Situated between the Red Sea and the Dead Sea in the Hashemite Kingdom of Jordan, the Nabatean city of Petra is considered among the Seven Wonders of the World.
In the description of the “universal outstanding value” of this World Heritage Site, UNESCO describes the ancient city as a “major caravan centre for the incense of Arabia, the silks of China and the spices of India, a crossroads between Arabia, Egypt and Syria-Phoenicia.”
Petra, a world hidden within the mountains of Jordan, was built several centuries ago. This ancient "caravan city" was the capital of the Nabataean Arabs, an ancient Semitic race of people who inhabited Jordan. They were mostly traders and agriculturists.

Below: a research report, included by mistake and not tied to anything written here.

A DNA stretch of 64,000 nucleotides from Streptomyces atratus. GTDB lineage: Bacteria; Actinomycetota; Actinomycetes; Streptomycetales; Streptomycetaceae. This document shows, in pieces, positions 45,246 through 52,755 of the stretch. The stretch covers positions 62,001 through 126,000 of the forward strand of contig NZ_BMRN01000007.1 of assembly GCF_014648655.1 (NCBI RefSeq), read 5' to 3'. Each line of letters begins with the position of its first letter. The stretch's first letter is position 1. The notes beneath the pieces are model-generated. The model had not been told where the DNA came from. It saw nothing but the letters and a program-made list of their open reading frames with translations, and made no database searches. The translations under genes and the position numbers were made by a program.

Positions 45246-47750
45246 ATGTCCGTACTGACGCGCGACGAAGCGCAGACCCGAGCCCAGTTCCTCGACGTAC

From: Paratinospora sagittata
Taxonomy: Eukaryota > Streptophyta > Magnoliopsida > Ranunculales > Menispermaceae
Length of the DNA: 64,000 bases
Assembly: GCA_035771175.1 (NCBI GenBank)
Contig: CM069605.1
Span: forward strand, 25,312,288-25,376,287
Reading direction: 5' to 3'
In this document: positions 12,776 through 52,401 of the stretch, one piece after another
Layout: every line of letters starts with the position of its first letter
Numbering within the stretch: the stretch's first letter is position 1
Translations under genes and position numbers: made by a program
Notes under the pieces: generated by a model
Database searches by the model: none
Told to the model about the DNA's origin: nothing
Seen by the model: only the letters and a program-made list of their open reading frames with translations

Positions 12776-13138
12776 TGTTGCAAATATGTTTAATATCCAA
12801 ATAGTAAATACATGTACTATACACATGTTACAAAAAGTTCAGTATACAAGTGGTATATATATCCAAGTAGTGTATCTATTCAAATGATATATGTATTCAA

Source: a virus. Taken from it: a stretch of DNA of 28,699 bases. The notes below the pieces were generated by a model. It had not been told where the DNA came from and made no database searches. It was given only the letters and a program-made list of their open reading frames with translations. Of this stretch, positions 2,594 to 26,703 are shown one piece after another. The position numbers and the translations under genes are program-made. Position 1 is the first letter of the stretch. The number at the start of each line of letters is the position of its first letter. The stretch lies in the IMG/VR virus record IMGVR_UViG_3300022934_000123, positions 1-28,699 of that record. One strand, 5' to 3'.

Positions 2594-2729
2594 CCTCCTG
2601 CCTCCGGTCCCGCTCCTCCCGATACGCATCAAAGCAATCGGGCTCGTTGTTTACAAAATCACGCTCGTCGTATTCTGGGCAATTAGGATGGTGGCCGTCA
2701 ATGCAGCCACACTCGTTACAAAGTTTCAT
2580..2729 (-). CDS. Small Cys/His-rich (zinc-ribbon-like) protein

Tombs, caves, temples, monasteries, amphitheatres, gates, street facades – you need at least a couple of days to explore Petra.
The rock-cut architecture takes your breath away. Animals, deities and mortals, mostly carved in rock, greet you everywhere in this World Heritage Site. The architecture is heavily influenced by Assyrian, Egyptian, Hellenistic and Roman styles.
Perhaps the most stereotyped image of Petra is Al Khazneh or the Treasury. Entry is through the Siq, a long narrow gorge, no more than 3 meters wide in some places, which gives the impression that the mountain has parted ways to allow you to enter it. Back in the day, caravans made their grand entry to Petra via the Siq.